How does bank know what business you are in? (none / 0) (#14)
    by Saul on Sun Aug 08, 2010 at 05:25:37 PM EST
    I doubt if there is a bank requirement when opening a business checking account that you must state exactly what your business is.

    Any person could come up with a crafty business name which will be also put on his checking account that does not reflect exactly what they do.

    i.e  AAA Medicines,   Alternate Therapy Inc  etc etc

    Start with the "know your customer" (5.00 / 1) (#16)
    by Peter G on Sun Aug 08, 2010 at 05:44:27 PM EST
    Do you have to bank in U.S (none / 0) (#18)
    by Saul on Sun Aug 08, 2010 at 06:24:19 PM EST
    How about Canada or Swiss Bank account.  Most of these dispensaries are a one man or two man operation.  All they need is to wire money from foreign bank to personal account and keep it under 10,000 bucks

    No, you don't have to bank in the U.S. (none / 0) (#24)
    by Peter G on Sun Aug 08, 2010 at 07:39:12 PM EST
    However, if you think foreign banks can deal with U.S. customers and not think about U.S. law, then consider this.

    Does it violate the consitution (none / 0) (#17)
    by Saul on Sun Aug 08, 2010 at 06:21:02 PM EST
    States says ok but federal says no.  Sound like the court case on Prop 8.  Not offering equal protection.  Fed says marriage between man and woman CA said the same but judge said prop 8 not equal protection and violates the Constitution. Maybe some dispensary needs to sue or call in the ACLU to get a legal reading.

    The federal banking system trumps. (none / 0) (#30)
    by jpe on Sun Aug 08, 2010 at 09:57:35 PM EST
    The banks can loan, but they'll be risking their FDIC insurance.

    I'm sure there are any number of (none / 0) (#20)
    by scribe on Sun Aug 08, 2010 at 07:11:23 PM EST
    "escort services" and similar businesses operating in Colorado that have bank accounts, and no problems at all from thier banks about "compliance".

    Well Yeah (5.00 / 1) (#21)
    by squeaky on Sun Aug 08, 2010 at 07:14:35 PM EST
    That is because the ones who would give the banks trouble are using the escorts...

    And they are f'ing escorts, not prostitutes. Prostitution is illegal.


    Oh, yeah. I forgot. (none / 0) (#22)
    by scribe on Sun Aug 08, 2010 at 07:37:26 PM EST
    Sorry about that misconception....

    More seriously, how much you wanna bet that the driving force behind this is the only-marginally-not-insubordinate head of the Denver DEA office, leaning on the bankers to make it impossible for the state and dispensaries to effect the will of Coloradans?


    Well, what about a legal bothel... (none / 0) (#27)
    by EL seattle on Sun Aug 08, 2010 at 08:11:27 PM EST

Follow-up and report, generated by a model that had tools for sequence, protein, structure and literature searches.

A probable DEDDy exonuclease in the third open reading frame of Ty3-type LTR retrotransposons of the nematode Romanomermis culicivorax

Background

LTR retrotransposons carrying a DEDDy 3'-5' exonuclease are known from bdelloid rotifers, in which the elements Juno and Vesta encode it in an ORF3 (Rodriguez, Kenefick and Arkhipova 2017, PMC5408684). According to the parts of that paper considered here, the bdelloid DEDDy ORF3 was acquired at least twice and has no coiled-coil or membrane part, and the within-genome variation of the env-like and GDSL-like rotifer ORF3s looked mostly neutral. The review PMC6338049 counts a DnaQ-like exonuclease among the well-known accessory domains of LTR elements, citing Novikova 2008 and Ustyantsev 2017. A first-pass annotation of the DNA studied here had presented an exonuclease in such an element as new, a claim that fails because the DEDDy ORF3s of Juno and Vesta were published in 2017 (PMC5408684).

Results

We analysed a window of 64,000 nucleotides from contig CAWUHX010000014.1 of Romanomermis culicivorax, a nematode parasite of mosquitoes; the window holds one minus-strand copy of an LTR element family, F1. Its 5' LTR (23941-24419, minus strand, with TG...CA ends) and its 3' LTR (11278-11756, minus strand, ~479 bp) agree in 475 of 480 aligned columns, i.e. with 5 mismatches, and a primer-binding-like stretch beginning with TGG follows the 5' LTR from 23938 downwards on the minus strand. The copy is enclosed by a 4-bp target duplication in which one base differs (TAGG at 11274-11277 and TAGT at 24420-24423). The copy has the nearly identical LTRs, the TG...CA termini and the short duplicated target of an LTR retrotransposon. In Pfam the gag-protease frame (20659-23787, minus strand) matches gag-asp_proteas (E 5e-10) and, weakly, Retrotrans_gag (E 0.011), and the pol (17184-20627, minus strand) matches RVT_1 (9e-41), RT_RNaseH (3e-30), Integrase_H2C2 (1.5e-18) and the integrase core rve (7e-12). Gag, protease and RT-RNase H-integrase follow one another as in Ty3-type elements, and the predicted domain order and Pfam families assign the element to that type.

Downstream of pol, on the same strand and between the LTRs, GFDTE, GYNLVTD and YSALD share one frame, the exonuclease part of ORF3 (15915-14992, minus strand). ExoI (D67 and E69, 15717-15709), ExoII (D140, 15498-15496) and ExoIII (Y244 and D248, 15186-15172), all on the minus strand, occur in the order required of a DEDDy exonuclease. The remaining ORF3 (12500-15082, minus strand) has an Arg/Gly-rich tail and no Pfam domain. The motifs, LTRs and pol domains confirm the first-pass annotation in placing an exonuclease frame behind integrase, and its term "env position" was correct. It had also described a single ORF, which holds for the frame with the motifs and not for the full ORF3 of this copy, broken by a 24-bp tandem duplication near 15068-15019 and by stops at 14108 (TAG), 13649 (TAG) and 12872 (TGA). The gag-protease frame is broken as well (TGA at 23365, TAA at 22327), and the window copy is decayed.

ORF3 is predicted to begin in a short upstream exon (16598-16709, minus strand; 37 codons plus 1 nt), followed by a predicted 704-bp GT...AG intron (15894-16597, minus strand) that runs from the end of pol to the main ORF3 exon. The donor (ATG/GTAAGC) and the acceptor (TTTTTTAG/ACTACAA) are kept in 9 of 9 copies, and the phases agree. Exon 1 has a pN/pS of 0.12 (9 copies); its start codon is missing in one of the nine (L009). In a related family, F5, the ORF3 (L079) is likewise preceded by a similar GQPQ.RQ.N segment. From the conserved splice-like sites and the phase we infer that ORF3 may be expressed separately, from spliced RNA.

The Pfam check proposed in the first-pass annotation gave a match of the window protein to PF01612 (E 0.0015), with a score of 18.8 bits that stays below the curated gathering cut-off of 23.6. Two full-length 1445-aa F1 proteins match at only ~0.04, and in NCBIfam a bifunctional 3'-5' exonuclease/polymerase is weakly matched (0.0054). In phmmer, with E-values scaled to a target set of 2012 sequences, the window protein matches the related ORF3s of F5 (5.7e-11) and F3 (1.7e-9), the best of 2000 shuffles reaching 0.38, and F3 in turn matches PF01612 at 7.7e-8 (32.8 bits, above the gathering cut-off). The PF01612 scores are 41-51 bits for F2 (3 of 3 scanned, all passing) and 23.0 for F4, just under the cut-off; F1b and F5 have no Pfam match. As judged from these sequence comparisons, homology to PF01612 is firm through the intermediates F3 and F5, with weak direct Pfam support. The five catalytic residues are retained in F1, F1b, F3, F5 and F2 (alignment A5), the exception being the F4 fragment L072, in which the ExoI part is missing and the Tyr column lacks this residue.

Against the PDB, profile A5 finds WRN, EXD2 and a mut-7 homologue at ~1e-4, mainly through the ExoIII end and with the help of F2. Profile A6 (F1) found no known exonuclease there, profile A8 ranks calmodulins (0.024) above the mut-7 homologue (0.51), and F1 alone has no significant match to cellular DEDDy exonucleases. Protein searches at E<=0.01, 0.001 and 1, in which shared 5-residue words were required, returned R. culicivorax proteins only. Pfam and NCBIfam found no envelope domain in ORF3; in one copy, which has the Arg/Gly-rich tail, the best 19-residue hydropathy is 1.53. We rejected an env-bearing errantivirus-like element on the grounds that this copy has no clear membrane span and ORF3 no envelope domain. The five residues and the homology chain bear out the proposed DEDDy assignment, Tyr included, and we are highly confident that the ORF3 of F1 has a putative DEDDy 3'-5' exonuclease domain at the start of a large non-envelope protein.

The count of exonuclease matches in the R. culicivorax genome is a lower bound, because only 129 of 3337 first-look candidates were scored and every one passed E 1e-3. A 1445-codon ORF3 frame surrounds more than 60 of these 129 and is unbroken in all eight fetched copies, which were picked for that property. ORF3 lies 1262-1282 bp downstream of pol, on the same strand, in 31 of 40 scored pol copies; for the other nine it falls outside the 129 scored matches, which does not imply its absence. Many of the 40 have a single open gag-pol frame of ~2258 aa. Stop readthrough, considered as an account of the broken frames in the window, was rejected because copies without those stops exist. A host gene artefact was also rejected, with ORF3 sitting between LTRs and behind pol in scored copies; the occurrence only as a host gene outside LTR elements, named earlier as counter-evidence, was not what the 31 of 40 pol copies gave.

...in Nevada?  What problems would it have using a bank that was based in Utah or another state where the good ol' brothel business is not legal.  If the bank that has a presence in both states facilitates transactions that would be illegal in one state, is the bank breaking the law, I wonder?

    Prostitution and pandering is either legal (none / 0) (#28)
    by Peter G on Sun Aug 08, 2010 at 08:24:26 PM EST
    or illegal in a given state.  It is not a federal crime that triggers the federal money laundering statute (like marijuana distribution), I'm pretty sure.

    You're forgetting about (none / 0) (#34)
    by scribe on Mon Aug 09, 2010 at 05:27:26 AM EST
    the Mann Act and the money laundering statutes, both of which are federal laws and routinely used on prostitution or activites sort of resembling it.

    It only "Stays in Vegas" because too many people with too many connections are making too much money off anything goes in Vegas for the feds to put a crimp in their profit stream.


    I actually didn't forget. (5.00 / 1) (#36)
    by Peter G on Mon Aug 09, 2010 at 08:56:43 AM EST
    I thought about mentioning and explaining the Mann Act in my prior response, Scribe, and then decided it was too much information.  I have to assume that the legal brothel operations in Nevada have organized their businesses so as not to violate the federal law, that is, by not engaging in the transporting of anyone into Nevada "with the intent that such individual engage in prostitution."  And without that underlying federal offense, I can't see any basis in section 1956 to trigger a money laundering charge.

    It's only natural that Big Money... (none / 0) (#23)
    by lambertstrether on Sun Aug 08, 2010 at 07:37:55 PM EST
    ... would want to help out Big Pharma.

    The solution isn't for the marijuana dispensaries to try to force the banksters to be reasonable, but to devise a parallel system that meets their needs. Possibly one without usury, like halawa.

    Yes (none / 0) (#26)
    by squeaky on Sun Aug 08, 2010 at 07:51:32 PM EST
    The Halawa system would be perfect.  A great gift for the US courtesy of our Muslim neighbors..time to use it.  F' the banksters.

    Imagine that! (none / 0) (#29)
    by jpe on Sun Aug 08, 2010 at 09:56:37 PM EST
    Federal control of the law impinging on state law.  Who'da thunk it.